The study was approved by the Research Ethics Committee of the Federal University of São Paulo review board (protocol no. 492.975 - CAAE: 23352713.1.0000.5505) with written informed consent obtained from each participant and/or their legal representative, as appropriate.


Two ICUs were randomized for the intervention with 2% CHG detergent solution bathing and two ICUs were randomized for soap and water bathing. During the study period (June 1st 2004 to May 31st 20015), 1,524 patients were admitted to the four ICUs, 37 (2.2%) met the exclusion criteria, 12.2% of the patients had re-admission. When re-admission took place in the ICU with the same type of intervention, we just added the ICU length of stay of each admission, but when the re-admission was in a ICU with a different type of intervention, we count length of stay from each ICU. Therefore, the number of patients was different from the number of admissions. A total of 1,487 patients were included in the analysis, which corresponded to 1,640 admissions (620 patients admitted in the soap and water bathing ICUs and 867 in the 2% CHG detergent solution bathing ICUs) and 6,279 patient-days and 9,691 patient-days, respectively. Patients in the control ICUs were significantly older (mean age 63.7y) then patients in the intervention ICUs (mean age 58.3y), p < 0.001), and the number of surgical patients was significantly lower in the control ICUs (167 vs 492, p <0.001), sex and ICU length of stay in the two groups were not statistically different, as shown in Table 1.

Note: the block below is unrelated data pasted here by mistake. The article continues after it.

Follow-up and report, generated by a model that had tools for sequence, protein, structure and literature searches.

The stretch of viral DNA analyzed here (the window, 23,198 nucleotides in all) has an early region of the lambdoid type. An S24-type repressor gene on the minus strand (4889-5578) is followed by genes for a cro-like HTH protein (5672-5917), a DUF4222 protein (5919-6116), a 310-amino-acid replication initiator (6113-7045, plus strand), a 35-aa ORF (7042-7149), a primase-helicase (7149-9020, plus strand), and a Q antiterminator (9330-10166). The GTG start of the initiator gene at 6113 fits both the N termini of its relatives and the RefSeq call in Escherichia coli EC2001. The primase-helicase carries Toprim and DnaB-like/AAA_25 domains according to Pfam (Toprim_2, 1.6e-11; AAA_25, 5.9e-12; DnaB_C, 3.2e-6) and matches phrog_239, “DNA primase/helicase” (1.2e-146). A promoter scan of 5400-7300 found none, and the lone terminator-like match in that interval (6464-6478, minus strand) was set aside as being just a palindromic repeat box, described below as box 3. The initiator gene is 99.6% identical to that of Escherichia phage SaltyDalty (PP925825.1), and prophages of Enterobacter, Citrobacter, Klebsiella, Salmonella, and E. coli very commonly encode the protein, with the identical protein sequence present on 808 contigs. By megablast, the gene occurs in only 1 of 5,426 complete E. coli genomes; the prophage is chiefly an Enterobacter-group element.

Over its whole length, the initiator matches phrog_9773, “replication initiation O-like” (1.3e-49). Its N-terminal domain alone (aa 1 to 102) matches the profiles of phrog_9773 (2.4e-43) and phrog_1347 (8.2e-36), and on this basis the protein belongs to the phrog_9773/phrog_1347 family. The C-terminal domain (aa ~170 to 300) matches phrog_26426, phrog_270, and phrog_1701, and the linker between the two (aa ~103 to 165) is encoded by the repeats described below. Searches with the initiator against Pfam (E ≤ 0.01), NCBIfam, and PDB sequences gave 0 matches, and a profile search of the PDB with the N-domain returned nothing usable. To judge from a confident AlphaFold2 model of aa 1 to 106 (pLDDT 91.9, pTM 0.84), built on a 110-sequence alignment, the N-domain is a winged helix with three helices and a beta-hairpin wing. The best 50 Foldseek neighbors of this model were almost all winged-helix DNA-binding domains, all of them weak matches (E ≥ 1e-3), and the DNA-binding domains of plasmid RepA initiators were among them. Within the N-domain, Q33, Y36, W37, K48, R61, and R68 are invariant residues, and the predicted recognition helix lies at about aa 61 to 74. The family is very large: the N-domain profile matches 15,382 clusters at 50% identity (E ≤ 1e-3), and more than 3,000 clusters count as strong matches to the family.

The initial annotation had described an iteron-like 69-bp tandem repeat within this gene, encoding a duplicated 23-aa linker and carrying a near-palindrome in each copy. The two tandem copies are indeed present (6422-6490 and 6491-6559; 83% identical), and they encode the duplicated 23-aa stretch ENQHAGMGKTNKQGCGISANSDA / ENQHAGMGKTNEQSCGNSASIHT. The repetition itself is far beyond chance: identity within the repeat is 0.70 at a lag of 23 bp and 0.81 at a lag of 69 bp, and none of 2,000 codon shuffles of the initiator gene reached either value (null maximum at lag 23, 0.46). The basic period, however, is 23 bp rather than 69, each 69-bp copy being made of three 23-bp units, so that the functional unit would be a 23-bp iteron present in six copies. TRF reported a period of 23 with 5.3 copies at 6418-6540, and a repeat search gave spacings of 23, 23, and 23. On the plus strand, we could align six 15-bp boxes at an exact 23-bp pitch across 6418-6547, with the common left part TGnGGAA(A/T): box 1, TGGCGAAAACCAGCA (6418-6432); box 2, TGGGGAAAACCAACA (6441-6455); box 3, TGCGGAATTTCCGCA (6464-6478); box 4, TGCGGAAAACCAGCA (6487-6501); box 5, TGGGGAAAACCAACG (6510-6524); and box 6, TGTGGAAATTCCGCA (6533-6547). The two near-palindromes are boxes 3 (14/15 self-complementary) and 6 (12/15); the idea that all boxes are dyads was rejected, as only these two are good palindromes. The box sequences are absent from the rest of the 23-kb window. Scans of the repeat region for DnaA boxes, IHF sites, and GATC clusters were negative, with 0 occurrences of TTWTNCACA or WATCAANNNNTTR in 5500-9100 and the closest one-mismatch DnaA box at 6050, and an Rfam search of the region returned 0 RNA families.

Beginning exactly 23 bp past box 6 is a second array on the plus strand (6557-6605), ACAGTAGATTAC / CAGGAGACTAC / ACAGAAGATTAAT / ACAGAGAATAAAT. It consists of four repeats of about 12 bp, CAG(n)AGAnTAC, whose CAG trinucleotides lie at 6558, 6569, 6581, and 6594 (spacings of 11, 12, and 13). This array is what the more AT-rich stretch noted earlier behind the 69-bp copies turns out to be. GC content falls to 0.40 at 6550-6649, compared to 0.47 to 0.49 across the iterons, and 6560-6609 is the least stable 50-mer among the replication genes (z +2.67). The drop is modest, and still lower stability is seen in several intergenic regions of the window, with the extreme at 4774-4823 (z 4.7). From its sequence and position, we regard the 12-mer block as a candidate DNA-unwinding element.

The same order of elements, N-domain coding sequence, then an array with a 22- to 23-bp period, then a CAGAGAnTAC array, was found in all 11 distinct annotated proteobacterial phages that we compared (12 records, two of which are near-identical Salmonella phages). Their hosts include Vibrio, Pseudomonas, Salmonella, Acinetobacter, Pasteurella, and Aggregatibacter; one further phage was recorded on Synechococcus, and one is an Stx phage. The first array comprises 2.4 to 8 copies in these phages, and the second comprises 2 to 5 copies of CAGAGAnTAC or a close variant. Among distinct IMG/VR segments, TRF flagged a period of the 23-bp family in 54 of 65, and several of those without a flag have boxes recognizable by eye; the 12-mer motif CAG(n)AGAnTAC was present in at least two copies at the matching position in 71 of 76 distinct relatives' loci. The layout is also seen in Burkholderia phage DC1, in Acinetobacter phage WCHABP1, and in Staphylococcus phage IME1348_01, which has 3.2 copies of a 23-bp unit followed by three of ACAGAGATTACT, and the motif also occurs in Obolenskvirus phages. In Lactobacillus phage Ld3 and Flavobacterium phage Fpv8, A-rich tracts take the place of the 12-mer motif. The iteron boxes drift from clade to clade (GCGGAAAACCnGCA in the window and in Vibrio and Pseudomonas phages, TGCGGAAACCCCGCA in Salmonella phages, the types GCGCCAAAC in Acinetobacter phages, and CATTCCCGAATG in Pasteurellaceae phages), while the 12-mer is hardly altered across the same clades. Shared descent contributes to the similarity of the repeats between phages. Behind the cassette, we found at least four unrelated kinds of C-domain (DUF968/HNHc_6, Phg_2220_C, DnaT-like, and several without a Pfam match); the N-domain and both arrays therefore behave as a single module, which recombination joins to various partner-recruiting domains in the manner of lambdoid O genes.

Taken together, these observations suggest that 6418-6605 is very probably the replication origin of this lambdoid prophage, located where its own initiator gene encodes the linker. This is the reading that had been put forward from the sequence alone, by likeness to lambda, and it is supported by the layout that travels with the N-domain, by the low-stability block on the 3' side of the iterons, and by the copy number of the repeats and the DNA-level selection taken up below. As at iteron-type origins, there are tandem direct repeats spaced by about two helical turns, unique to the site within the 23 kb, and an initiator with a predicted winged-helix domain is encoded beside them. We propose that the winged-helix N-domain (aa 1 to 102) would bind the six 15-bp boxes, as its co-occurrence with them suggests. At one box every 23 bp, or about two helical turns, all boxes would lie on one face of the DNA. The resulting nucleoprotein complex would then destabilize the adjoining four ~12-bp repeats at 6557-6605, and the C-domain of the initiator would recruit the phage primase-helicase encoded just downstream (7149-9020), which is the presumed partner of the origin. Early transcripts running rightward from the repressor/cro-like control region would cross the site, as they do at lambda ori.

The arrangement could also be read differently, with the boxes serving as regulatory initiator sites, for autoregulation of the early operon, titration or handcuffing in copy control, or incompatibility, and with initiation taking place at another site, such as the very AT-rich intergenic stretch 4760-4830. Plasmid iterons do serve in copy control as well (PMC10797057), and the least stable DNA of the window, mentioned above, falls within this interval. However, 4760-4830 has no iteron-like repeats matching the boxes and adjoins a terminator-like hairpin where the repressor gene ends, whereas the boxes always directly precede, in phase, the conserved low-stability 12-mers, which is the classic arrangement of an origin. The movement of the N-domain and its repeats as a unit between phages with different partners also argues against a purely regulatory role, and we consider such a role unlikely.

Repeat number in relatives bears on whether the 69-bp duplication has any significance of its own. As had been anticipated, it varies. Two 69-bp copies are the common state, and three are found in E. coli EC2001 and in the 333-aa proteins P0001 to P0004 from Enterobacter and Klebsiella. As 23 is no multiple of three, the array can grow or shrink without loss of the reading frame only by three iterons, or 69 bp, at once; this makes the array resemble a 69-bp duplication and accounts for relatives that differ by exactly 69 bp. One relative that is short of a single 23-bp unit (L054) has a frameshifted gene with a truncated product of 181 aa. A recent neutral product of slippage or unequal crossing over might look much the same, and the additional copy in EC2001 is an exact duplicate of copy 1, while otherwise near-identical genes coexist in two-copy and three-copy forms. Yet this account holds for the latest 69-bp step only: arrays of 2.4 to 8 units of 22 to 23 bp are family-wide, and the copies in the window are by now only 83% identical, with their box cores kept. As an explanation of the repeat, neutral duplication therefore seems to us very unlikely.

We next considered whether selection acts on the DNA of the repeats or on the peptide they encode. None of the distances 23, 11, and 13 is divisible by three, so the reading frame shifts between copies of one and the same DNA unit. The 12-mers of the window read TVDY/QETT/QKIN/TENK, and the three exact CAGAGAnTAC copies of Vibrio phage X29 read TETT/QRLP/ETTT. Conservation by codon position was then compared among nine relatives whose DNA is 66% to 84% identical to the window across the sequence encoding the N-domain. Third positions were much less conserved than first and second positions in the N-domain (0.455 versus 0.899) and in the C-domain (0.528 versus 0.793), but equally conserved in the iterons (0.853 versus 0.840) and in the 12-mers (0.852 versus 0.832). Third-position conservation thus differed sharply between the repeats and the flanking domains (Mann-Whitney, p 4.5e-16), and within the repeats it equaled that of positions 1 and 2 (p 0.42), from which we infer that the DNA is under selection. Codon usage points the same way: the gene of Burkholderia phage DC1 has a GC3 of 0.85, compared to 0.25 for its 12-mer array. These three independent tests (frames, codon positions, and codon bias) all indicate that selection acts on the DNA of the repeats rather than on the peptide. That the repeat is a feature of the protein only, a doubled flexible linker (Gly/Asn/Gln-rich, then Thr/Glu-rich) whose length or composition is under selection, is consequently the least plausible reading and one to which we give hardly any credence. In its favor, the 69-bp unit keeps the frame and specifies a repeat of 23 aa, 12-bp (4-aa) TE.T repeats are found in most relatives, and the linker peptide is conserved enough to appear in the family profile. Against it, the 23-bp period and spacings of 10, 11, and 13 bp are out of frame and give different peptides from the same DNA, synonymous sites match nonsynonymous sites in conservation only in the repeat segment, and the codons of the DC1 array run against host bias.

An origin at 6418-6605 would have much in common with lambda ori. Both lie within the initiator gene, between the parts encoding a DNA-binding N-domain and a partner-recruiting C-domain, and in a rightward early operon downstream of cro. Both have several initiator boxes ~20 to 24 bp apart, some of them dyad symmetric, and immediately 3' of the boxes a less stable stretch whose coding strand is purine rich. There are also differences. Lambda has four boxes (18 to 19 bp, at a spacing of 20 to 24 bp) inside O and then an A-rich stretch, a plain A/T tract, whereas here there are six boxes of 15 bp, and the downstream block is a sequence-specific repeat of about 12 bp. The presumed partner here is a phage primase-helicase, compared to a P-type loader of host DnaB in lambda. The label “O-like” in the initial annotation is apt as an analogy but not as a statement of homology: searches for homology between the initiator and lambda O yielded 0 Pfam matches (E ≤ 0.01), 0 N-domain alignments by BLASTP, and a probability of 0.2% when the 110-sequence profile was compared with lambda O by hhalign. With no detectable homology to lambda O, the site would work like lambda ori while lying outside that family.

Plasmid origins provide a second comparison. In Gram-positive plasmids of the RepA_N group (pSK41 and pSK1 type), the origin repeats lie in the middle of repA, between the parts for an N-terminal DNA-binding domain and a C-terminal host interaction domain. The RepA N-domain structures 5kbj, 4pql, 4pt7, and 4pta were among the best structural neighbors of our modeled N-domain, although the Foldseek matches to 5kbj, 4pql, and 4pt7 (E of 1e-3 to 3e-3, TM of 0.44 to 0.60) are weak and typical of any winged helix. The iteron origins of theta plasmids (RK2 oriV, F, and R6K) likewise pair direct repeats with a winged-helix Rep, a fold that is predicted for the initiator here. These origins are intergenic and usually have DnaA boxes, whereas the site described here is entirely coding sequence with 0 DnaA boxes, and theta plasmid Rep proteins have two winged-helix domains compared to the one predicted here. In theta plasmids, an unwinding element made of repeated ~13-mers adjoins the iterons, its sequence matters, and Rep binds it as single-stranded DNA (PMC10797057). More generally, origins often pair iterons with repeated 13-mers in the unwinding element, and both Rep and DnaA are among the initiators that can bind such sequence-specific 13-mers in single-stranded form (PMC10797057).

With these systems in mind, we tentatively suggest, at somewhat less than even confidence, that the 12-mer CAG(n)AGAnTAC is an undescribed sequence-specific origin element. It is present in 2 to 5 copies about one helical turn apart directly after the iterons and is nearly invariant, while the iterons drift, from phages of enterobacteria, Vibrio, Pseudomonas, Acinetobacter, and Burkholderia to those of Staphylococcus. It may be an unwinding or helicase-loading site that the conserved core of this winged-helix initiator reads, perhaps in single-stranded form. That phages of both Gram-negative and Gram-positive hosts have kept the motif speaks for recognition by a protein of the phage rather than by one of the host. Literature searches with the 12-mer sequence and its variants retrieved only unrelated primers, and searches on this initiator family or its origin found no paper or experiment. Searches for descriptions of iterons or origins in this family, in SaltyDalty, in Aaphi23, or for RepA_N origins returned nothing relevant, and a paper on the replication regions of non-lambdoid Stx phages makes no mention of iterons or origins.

Table 1.

Patient demographics and ICU length of stay.

  soap and water (n=620)  2% CHG detergent solution (n=867)  p-value 
Age, median (IQR), ya  63.7 (48.2 – 76.6)  58.3 (43.2 – 69.5)  <0.001 
Male sex, n (%)b  306 (49.3%)  408 (47.0%)  0.41 
Admission type, n (%)b      <0.001
Surgery  167 (26.9%)  492 (56.7%) 
Medical  453 (73.1%)  375 (43.3%) 
ICU length of stay, median (IQR), da  4.0 (2.0 – 9.0)  4.0 (2.0 – 8.0)  0.160 

Mann-Whitney test.


X2 test

Note. IQR, interquartile range.

No difference between groups was detected in CLABSI incidence rate (p=0.125), VAP incidence rate (p=0.247) and CAUTI incidence rate (p=0.435). However, the incidence rate of KPC-producing enterobacteria HAI was significantly lower in the CHG bathing group when compared to the soap and water bathing group (5.01 vs 2.25, p=0.013). The mortality rate was also higher in the soap and water bathing group when compared to the CHG bathing group (28.7% vs 18.7%, p<0.001). CHG bathing was well tolerated. Skin reactions among patients assigned to CHG bathing was observed in 0.46% (4/867 patients) compared to 0.16% (1/620 patients) with soap and water bathing (p=0.61). All reported skin reactions were classified as mild to moderate in nature. as shown in Table 2.